Let’s begin with the Department of Transportation, which heads the list of most improved of the large agencies. DOT improved its overall score by 15.8 percent, moving from No. 30 (out of 30) to No. 26. Though still a poor ranking, the jump is attributable to the department’s actions. DOT’s leadership instigated town hall meetings with staff at headquarters and around the country. They provided training for all first-time supervisors. And they included employee satisfaction goals in leaders’ performance plans. The personal leadership of DOT Secretary Ray LaHood in all of these initiatives proved to be important, and it’s clear that he continues to be passionate about improving morale. The newly-launched IdeaHub website, featured in our column “Delegating Up,” is another example of the commitment the agency has to better engaging with its staff.

The most improved small agency in 2010 was the Federal Labor Relations Authority, which showed an impressive 250 percent increase from last year’s score. This moved them from No. 32 on the list (out of 32) to No. 20—a clear jump out of the cellar into the contest. Again, this is no surprise to us at the Center. We spent some time with the FLRA earlier in the year and it was clear that the new chairwoman, Carol Pope, was relentlessly focused on improving the way that the organization worked. She’s worked hard to improve internal communication and build a strong sense of purpose for the organization. But again, she is far from complacent and would be the first to recognize that there remains some way to go.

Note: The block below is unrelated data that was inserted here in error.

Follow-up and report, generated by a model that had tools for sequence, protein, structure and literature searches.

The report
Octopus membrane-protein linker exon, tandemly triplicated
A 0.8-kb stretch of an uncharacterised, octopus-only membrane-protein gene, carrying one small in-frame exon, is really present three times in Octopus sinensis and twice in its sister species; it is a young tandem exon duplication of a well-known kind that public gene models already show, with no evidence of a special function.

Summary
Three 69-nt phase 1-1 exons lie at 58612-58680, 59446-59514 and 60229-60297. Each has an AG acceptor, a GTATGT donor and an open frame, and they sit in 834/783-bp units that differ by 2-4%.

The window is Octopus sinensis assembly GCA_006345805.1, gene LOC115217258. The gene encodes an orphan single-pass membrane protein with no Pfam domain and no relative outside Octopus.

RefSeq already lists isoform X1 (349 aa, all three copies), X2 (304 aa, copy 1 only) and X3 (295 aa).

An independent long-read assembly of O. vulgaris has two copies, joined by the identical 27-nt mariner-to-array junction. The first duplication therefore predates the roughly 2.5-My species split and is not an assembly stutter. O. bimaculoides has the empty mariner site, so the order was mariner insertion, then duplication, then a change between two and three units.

Inspirational leaders who take motivating their staff seriously deserve recognition. We are pleased that FLRA and DOT were recognized by Best Places to Work for the gains they’ve made. Both agencies obviously need to improve before they are best in class, but their impressive performance this year demonstrates the power of taking action to tackle poor staff morale. It is not easy to improve an agency’s ranking when morale in agencies is going up across the board. So just to maintain a ranking, an agency needs to improve its employee satisfaction. To improve a ranking, its improvements need to exceed those of other agencies.

These annual rankings are useful in a number of other ways. The rankings provide an annual insight on how the federal workforce feels. They direct talented individuals from outside the government toward rewarding careers in public service. And they showcase some of the most attractive places to work for those who wish to use their skills for greater social good.

The Best Places to Work ranking is a vital resource for understanding how the federal government is being managed. Leaders at each agency should use the findings to promote a federal workforce that is talented, energized, and productive. Doing so will help to ensure that the American people get the most out of the 1.9 million people who work in federal government.

Jitinder Kohli is a Senior Fellow at American Progress. His work focuses on government efficiency, regulatory reform, and economic issues. John Griffith is a research associate with the Doing What Works project at the Center. Go to the Doing What Works webpage at the Center’s website to learn more about the project.

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Authors

Jitinder Kohli

Senior Fellow

John Griffith

Policy Analyst